Girls are coming out of the Woods

Girls are coming out of the woods,
wrapped in cloaks and hoods,
carrying iron bars and candles 
and a multitude of scars, collected
on acres of premature grass and city
buses, in temples and bars. Girls
are coming out of the woods
with panties tied around their lips,
making such a noise, it’s impossible
to hear. Is the world speaking too?
Is it really asking, What does it mean 
to give someone a proper resting?
Girls are
coming out of the woods, lifting
their broken legs high, leaking secrets
from unfastened thighs, all the lies
whispered by strangers and swimming
coaches, and uncles, especially uncles,
who said spreading would be light
and easy, who put bullets in their chests
and fed their pretty faces to fire,
who sucked the mud clean 
        off their ribs, and decorated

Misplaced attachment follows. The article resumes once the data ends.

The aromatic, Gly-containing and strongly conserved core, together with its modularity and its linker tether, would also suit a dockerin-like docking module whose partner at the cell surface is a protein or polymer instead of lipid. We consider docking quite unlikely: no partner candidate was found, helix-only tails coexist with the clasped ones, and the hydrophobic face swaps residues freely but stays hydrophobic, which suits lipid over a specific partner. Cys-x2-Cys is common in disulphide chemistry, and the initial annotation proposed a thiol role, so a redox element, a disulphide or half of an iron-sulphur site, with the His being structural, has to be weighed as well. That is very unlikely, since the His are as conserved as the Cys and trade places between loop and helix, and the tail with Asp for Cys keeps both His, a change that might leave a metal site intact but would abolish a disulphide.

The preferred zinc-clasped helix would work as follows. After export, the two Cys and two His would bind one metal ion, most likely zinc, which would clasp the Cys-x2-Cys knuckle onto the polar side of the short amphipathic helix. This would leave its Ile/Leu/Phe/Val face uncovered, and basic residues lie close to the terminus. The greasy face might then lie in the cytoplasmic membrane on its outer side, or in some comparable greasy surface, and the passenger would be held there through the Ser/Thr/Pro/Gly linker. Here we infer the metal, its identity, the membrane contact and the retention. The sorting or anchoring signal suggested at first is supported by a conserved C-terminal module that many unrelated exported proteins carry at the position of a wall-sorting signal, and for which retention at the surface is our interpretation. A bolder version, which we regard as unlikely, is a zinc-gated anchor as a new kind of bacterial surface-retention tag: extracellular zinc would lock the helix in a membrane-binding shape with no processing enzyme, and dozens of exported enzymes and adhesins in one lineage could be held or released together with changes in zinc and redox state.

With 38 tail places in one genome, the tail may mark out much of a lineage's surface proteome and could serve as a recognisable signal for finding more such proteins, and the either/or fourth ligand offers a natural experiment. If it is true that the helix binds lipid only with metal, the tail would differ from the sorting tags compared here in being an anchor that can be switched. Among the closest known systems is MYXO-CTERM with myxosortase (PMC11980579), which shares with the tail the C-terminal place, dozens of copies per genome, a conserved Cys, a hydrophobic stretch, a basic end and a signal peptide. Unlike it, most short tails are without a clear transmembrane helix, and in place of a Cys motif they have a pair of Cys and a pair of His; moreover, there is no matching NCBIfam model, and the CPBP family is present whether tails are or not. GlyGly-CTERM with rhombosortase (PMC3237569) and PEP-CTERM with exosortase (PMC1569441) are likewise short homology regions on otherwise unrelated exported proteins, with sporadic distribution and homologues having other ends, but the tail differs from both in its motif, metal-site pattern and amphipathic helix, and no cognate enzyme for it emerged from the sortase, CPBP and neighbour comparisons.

their coffins with brier. Girls are coming
out of the woods, clearing the ground
to scatter their stories. Even those girls
found naked in ditches and wells,
those forgotten in neglected attics,
and buried in river beds like sediments
from a different century. They’ve crawled
their way out from behind curtains
of childhood, the silver-pink weight 
of their bodies pushing against water,
against the sad, feathered tarnish 
of remembrance. Girls are coming out
of the woods the way birds arrive
at morning windows – pecking 
and humming, until all you can hear
is the smash of their miniscule hearts
against glass, the bright desperation
of sound – bashing, disappearing.
Girls are coming out of the woods.
They’re coming. They’re coming.

 

Tishani Doshi is an award-winning writer and dancer of Welsh-Gujarati descent. She is the author of four books of poetry and fiction. Since 2001 she has worked as the lead dancer with the Chandralekha troupe in Madras. Currently she divides her time between Tamil Nadu and elsewhere.

While government watches you, who watches the government?